MAS-2016 Diagnostic Criteria

Table 1:

MAS-2016 Diagnostic Criteria

The bulk of the effort toward establishing reliable criteria for MAS diagnosis has focused on MAS in the setting of sJIA. However, one preliminary guideline does exist for the diagnosis of MAS in patients with underlying SLE, which was developed in 2009 as a retrospective study of 38 patients with underlying SLE diagnosed with MAS based on “typical clinical and laboratory picture of the syndrome.”1 These patients were subdivided into cases of “definite MAS” and “probable MAS” based on the presence or absence, respectively, of macrophage hemophagocytosis on bone marrow aspiration. Similar to other studies5,8,9 in which elevated serum ferritin level was found to be among the most reliable markers of the disease, the laboratory feature with the best sensitivity and specificity was hyperferritinemia, and clinical features were found to have greater specificity than sensitivity—aside from fever, which was highly sensitive but had poor specificity. However, it should be noted that ferritin is an acute-phase reactant and mild to moderate elevations of ferritin can be seen with inflammation from any cause (including infection).

The preliminary diagnostic criteria proposed in the study are included in Table 2.1 Of note, sJIA in the absence of MAS is typically characterized by thrombocytosis. However, thrombocytopenia is frequently noted in SLE at baseline, even in the absence of MAS. Thus, a lower threshold for thrombocytopenia is suggested in the 2009 preliminary criteria for MAS as a complication of juvenile SLE, as compared to sJIA-associated MAS.1 Limitations of the study include the comparatively low number of patients used to develop the criteria and the fact that cases of systemic infection were not included as a control group to ensure ability to distinguish MAS from infection.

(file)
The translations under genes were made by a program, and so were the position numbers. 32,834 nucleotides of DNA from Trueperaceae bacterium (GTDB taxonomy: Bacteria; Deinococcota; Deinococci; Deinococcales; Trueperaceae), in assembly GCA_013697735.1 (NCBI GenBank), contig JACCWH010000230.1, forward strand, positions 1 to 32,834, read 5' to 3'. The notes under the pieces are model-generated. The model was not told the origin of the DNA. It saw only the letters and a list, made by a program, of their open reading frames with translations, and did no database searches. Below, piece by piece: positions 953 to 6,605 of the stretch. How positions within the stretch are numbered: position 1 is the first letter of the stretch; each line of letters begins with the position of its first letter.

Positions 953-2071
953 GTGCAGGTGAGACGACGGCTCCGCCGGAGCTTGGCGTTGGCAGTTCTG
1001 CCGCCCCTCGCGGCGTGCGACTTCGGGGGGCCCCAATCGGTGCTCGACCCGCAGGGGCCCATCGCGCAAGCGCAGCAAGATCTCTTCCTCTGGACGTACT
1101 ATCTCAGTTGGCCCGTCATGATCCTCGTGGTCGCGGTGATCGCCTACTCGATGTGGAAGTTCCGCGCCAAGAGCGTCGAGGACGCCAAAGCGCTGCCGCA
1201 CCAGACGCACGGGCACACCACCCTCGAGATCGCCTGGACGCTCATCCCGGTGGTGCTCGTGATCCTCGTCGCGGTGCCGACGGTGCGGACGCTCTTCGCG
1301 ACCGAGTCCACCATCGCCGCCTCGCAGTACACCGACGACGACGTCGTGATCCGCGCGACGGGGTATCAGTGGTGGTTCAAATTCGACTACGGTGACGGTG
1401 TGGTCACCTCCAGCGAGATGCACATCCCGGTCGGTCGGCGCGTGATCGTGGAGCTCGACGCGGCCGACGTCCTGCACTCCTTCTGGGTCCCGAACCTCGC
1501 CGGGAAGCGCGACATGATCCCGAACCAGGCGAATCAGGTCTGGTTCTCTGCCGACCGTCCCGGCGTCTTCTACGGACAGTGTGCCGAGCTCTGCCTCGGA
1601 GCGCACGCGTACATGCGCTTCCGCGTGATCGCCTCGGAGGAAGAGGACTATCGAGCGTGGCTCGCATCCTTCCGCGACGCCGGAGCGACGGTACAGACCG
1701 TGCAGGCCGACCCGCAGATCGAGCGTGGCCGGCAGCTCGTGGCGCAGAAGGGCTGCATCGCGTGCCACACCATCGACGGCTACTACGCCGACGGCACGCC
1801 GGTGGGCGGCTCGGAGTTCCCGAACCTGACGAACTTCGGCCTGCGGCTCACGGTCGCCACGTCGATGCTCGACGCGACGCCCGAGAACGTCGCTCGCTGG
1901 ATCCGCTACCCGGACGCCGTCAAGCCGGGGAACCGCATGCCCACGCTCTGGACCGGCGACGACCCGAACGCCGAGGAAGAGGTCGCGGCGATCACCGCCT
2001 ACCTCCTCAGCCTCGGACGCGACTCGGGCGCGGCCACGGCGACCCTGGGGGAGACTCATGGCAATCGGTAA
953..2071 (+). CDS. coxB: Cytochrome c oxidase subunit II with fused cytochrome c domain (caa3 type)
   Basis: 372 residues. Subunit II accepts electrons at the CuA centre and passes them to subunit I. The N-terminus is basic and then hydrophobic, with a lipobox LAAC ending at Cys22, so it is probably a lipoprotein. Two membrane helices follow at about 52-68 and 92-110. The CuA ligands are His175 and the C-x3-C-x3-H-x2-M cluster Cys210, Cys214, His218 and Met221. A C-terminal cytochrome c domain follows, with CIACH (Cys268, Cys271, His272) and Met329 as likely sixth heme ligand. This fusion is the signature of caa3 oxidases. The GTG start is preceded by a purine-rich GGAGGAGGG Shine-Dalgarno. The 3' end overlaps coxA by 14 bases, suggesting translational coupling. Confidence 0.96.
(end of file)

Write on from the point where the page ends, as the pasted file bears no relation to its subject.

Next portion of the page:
Preliminary Diagnostic Guidelines for MAS as a Complication of Juvenile SLE

Table 2:

Preliminary Diagnostic Guidelines for MAS as a Complication of Juvenile SLE

Options for Treatment

Unfortunately, to the best of our knowledge, no controlled studies on therapies for MAS have been published, and evidence for effective management of the disease is anecdotal. Common practice is to consider high-dose IV corticosteroids as first-line therapy, with cyclosporine as an appropriate second-line medication in refractory cases.3 The emergence of biologic agents as therapeutic options for a variety of disease states provides further potential avenues for MAS treatment. Indeed, there are several reports of effective treatment with the TNF-inhibitor etanercept, the IL-1 inhibitor anakinra, the IL-6 receptor monoclonal antibody tocilizumab, and cytotoxic T-lymphocyte-associated protein 4 immunoglobulin.3 However, some investigators12–14 also recount instances of MAS that were likely triggered by these drugs. Further clinical experience and dedicated research trials with these agents may elucidate their role in the management of MAS.